We applied automated measurement techniques to recordings of 78 hours of oral arguments from the 2001 term of the U.S. Supreme court, in order to look at the (average) effects on pitch and time of primary word stress (e.g. the third syllable in jurisdiction), secondary stress (e.g. the first syllable in jurisdiction), and lack of stress (e.g. the second and fourth syllables in jurisdiction)....Read the whole thing!
We found that vowels with main word stress (1-stress for short) were distinguished by pitch from vowels with secondary stress (2-stress) , and also from unstressed vowels (0-stress). As the plot on the right shows, the 2-stress and 0-stress vowels were remarkably similar in their normalized pitch contours, while the 1-stress vowels were quite different.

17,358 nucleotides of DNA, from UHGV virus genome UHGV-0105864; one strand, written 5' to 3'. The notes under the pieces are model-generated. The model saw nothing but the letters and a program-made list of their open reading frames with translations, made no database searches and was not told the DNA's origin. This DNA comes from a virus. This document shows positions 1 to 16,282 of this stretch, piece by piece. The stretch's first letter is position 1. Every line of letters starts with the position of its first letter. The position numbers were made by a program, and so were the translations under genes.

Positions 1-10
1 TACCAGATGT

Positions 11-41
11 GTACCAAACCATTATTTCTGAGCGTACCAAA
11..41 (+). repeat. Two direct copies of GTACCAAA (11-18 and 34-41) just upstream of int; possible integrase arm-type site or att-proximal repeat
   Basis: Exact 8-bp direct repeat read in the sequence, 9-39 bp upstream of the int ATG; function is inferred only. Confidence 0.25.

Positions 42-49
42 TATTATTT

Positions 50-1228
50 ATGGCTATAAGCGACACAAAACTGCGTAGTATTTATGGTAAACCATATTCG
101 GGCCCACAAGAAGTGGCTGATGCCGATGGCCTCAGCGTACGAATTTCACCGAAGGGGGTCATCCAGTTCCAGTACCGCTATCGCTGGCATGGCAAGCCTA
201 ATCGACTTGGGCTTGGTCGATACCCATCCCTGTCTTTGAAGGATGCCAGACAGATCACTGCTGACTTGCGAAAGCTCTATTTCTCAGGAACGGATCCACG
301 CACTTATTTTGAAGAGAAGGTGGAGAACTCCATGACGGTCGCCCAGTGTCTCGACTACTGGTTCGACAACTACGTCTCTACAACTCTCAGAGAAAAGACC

The vertical axis is in semitones, relative to a Justice-dependent reference, defined as the 10th percentile of all F0 values for that Justice.....
June 17, 2008
I've been teaching and writing about jurisdiction for almost a quarter century, but I've never thought about how to pitch the various syllables of the word. Today, I learn that it is a profound subject for academic inquiry!